Personally, I’m thrilled. Not because I think it’s a slam-dunk good idea, but because along with Seattle and San Francisco it will give us a great set of natural experiments to figure out what happens when you raise the minimum wage a lot. We can argue all we want; we can extrapolate from other countries; and we can create complex Greek-letter models to predict the effects — but we can’t know until someone actually does it.
So what do I think will happen? Several things:
In the tradeable sector, such as clothing piece work and agriculture, the results are very likely to be devastating. Luckily, LA doesn’t have much agriculture left, but it does have a lot of apparel manufacture. That could evaporate completely (worst case) or perhaps migrate just across the borders into Ventura, San Bernardino, and other nearby counties. Heavier manufacturing will likely be unaffected since most workers already make more than $15.
In the food sector, people still need to eat, and they need to eat in Los Angeles. So there will probably be little damage there from outside competition. However, the higher minimum wage will almost certainly increase the incentive for fast food places to try to automate further and cut back on jobs. How many jobs this will affect is entirely speculative at this point.
Other service industries, including everything from nail salons to education to health care will probably not be affected much. They pretty much have to stay in place in order to serve their local clientele, so they’ll just raise wages and pass the higher prices on to customers.
Likewise, retail, real estate, the arts, and professional services probably won’t be affected too much. Retail has no place to go (though they might be able to automate some jobs away) while the others mostly pay more than $15 already. The hotel industry, by contrast, could easily become less competitive for convention business and end up shedding jobs.
While I’m certainly in favour of people being able to afford to live on their base income, I’m afraid that this experiment is going to hurt a lot of already at-risk poor people who will have few other options if their jobs go away. I’m especially amused that LA-area union reps are now reported to be pushing to exempt the businesses where their members work (so that unions will have an effective monopoly on low-wage jobs because non-unionized companies would have to pay a higher wage). That, after putting all their organizational muscle behind getting the minimum wage raised in the first place. That’s a high grade of cynicism.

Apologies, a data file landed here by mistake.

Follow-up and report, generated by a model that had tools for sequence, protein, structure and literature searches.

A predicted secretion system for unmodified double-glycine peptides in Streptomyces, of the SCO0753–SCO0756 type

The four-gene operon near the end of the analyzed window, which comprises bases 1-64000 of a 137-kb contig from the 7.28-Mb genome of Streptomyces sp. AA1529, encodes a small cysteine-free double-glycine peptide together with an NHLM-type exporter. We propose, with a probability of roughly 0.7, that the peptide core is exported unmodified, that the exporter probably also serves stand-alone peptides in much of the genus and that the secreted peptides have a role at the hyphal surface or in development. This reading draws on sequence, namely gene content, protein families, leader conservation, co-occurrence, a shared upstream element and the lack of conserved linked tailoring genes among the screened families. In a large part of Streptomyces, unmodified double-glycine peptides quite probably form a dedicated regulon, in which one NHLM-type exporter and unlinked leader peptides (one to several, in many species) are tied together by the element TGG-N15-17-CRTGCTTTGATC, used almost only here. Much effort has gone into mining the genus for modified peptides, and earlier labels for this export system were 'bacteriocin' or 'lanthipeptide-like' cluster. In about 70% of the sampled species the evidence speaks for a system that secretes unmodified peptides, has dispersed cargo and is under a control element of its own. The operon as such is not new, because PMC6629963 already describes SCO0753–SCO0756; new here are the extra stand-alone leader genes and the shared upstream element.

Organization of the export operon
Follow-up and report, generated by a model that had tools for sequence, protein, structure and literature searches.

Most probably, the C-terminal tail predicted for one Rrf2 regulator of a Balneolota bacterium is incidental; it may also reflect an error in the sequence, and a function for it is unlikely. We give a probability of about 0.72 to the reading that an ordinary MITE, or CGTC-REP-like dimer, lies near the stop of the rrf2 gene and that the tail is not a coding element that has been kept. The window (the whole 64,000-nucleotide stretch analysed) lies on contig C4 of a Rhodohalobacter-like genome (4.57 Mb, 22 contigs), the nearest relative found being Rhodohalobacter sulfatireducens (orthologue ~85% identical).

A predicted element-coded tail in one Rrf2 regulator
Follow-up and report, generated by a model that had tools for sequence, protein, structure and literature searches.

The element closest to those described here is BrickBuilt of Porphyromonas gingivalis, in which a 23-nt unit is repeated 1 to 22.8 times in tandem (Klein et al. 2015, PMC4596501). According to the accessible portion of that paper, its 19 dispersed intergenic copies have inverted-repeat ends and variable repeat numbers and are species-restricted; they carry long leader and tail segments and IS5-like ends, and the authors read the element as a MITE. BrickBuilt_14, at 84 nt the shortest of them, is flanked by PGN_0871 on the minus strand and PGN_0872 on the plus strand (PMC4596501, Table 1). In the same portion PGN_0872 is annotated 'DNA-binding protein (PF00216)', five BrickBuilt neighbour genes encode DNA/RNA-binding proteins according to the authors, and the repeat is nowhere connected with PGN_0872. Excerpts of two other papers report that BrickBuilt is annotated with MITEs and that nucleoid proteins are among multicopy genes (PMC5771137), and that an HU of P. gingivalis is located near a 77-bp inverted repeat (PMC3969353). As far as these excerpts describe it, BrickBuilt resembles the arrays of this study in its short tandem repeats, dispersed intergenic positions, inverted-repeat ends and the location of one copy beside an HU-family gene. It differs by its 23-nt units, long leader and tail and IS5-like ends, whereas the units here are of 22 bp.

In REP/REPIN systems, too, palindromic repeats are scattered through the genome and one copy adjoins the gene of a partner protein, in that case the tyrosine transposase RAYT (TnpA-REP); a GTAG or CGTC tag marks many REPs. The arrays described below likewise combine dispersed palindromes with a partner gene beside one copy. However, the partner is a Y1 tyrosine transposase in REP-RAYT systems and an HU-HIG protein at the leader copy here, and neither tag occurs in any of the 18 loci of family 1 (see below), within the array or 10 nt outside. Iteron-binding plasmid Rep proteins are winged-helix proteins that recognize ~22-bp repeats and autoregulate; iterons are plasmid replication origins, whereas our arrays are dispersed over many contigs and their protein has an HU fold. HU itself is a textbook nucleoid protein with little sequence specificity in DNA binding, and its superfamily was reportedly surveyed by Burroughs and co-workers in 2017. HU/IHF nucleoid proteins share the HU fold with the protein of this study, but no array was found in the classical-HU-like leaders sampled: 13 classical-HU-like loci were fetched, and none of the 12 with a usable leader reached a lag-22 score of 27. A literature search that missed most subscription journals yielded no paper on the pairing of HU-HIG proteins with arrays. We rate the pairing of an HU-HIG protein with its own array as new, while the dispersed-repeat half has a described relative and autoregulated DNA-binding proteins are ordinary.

May 25, 2015
Published on 3 Feb 2015
What’s the difference between a wage subsidy and a minimum wage? What is the cost of a wage subsidy to taxpayers? We take a look at the earned income tax credit and how it affects low-skilled workers. We also discuss Nobel Prize-winning economist Edmund Phelps’ work on wage subsidies.
January 14, 2015
January 1, 2015
In 1913, turnover reached an unbelievable 370 percent, and Ford hired more than 50,000 people to maintain an average labor force of about 13,600. When profits swelled, he paid well for labor, creating an uproar when he doubled the basic wage to $5.00 a day, which triggered a virtual stampede of job seekers. Paying higher wages for labor was not altruistic in Ford’s eyes. Moreover, it wasn’t simply that Ford was trying to pay his workers “enough to buy back the product,” although he did preach a high-wage doctrine after the stock market crash in 1929. Rather, paying relatively high wages was, for Ford, a matter of smart business. He regarded well-paid skilled workers as important as high-grade material. By paying workers well, he effectively lowered his costs because higher wages reduced turnover and the need for constant training of new hires. (At the time, the newspapers saw Ford’s wage increase as an extraordinary gesture of goodwill.)
Mark Spitznagel, The Dao of Capital: Austrian Investing in a Distorted World, 2013.
June 4, 2014
Seattle just changed their minimum wage to $15 per hour (that’s the city, but not the surrounding suburbs). Tim Worstall outlines what we may see in this handy real world economic experiment:
The first and most obvious effect of a $15 an hour minimum is that there are going to be job losses. Don’t forget that the message from the academic literature is that “modest” increases in the minimum don’t seem to have “much” effect on employment levels. And we’d all agree that a $100 minimum would have rather large effects. So our puzzle here is to try to decide what is the definition of “modest”. Clearly $100 an hour isn’t. But also we can dismiss something like $1 an hour as being problematic. Since no one at all gets paid a sum that small making the minimum $1, or $1.50, has no effect on anything whatsoever.